Britain is facing a diplomatic backlash from France over “excessive” quarantine restrictions after the foreign secretary admitted that they were introduced because of high cases of a coronavirus strain on an island nearly 6,000 miles away, reports The Times.
France was suddenly placed under a new amber-plus category of quarantine restrictions this month, requiring all holidaymakers in the country to isolate for up to ten days on their return to England. France has branded the decision excessive, discriminatory and “scientifically unfounded”.
Dominic Raab, the foreign secretary, said this morning that the decision had been taken because of the prevalence of the Beta variant in Réunion, a French overseas territory off the coast of Africa.
Scientists are concerned that the Beta variant is more resistant to vaccines, particularly the Oxford-AstraZeneca jab given to millions of Britons. Raab told Today on BBC Radio 4: “The evidence presented on which the original decision was taken was based on the prevalence of the so-called Beta variant, in particular on the Réunion bit of France.”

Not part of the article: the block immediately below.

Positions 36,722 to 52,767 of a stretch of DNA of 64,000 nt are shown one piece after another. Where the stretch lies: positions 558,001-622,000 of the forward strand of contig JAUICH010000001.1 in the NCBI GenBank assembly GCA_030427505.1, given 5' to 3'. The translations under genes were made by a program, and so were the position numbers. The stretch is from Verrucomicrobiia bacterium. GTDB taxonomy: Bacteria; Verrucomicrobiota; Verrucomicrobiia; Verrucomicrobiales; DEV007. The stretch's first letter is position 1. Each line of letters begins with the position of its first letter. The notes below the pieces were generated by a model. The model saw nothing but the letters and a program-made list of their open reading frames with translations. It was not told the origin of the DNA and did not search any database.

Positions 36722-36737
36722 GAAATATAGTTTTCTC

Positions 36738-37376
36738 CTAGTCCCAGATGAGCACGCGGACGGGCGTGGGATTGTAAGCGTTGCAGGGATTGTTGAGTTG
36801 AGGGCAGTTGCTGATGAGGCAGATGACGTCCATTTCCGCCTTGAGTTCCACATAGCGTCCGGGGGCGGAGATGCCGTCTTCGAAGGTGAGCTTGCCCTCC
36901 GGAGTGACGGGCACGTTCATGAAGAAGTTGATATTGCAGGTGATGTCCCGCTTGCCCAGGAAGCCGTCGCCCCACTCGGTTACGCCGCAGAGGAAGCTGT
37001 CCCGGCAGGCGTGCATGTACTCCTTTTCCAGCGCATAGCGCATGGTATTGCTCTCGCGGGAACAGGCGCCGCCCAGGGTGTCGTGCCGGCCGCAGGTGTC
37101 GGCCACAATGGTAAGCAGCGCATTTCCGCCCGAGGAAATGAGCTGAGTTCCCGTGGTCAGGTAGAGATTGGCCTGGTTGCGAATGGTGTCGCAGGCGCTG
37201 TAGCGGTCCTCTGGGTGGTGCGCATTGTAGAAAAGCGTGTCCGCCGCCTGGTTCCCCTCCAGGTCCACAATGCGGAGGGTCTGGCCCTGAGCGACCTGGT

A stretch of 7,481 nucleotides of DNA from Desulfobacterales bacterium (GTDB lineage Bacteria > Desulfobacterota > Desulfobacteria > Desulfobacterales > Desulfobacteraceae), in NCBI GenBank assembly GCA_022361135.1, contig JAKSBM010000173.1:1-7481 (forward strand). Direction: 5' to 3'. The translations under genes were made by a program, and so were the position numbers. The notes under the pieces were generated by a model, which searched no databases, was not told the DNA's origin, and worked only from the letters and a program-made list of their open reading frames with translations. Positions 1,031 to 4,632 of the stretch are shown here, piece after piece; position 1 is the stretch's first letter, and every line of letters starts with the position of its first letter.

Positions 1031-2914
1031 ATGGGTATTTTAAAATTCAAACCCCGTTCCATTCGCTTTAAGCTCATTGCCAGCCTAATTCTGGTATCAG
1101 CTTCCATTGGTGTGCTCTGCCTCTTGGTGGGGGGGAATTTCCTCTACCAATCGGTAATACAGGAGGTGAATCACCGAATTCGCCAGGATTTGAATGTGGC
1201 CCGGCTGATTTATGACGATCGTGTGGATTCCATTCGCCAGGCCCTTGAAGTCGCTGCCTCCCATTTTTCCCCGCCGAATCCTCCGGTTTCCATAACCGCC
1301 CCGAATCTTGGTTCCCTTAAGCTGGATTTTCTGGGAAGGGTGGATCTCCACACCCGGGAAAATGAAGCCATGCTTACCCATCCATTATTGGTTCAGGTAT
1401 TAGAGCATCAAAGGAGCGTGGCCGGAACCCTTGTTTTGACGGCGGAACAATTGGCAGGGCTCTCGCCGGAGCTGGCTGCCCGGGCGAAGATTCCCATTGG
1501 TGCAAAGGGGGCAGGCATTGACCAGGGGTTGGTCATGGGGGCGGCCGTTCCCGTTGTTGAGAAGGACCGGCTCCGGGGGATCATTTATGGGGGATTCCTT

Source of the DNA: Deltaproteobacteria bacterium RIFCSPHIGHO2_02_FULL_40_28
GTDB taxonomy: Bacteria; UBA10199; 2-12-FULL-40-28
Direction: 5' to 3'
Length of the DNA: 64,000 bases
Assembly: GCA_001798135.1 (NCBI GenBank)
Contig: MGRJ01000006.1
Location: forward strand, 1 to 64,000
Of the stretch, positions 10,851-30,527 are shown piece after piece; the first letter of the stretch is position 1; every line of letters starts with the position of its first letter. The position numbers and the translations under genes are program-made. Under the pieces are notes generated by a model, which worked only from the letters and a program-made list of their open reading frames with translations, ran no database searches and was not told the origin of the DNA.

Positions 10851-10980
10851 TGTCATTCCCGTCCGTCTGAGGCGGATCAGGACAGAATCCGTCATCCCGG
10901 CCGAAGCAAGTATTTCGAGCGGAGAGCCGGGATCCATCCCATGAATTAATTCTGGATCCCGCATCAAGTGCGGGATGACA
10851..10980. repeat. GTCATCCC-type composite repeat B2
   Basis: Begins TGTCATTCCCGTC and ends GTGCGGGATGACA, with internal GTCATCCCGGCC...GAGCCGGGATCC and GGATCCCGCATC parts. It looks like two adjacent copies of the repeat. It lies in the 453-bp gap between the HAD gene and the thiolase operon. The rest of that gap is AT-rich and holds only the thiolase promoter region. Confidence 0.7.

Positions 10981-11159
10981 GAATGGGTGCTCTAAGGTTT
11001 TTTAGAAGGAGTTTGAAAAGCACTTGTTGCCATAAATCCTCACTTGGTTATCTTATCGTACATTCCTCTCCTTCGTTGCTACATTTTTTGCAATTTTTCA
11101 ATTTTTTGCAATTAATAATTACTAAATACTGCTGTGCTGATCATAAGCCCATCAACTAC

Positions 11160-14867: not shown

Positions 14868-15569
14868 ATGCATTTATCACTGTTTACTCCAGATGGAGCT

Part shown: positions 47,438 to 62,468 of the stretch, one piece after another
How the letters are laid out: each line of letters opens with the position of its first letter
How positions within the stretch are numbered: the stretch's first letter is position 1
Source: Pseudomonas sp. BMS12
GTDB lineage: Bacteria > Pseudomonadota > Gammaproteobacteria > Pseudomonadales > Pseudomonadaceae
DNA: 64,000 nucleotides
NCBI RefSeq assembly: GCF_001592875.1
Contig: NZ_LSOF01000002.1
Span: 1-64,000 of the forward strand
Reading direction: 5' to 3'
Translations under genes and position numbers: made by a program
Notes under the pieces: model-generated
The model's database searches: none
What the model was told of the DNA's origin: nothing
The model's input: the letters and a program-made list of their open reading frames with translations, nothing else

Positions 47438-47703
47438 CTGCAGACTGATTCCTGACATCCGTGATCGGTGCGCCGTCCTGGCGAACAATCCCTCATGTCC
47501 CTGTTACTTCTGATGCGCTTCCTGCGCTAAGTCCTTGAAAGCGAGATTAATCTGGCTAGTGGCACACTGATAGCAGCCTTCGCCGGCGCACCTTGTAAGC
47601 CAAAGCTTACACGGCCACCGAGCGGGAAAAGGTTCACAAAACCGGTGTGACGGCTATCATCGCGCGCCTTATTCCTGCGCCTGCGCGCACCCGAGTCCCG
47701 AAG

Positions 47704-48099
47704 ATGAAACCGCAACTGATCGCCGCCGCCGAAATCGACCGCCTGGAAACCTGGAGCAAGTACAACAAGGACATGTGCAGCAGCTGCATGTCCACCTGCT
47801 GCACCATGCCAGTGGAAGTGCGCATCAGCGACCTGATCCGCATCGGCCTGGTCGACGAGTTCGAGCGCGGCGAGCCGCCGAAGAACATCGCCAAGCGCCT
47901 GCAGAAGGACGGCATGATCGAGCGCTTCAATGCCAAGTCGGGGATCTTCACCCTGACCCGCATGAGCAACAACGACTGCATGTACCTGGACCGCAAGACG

When it was pointed out that Réunion was a long way from mainland France, Raab said: “It’s not the distance that matters, it’s the ease of travel between different component parts of every individual country.”
He subsequently clarified that the decision had also reflected the prevalence of the variant in northern France.
The decision to put France on the amber-plus list on July 16th was hugely contentious. It was taken during a meeting between Boris Johnson and Sajid Javid, the health secretary. Raab and Grant Shapps, the transport secretary, were not present.
The comments from Raab prompted a backlash from the travel industry. A spokesman for Brittany Ferries said: “This is madness. It would be like France hammering British holidaymakers due to a Covid outbreak on the Falkland Islands. It makes you wonder if those in the centre of power have access to an atlas or a geography GCSE between them.”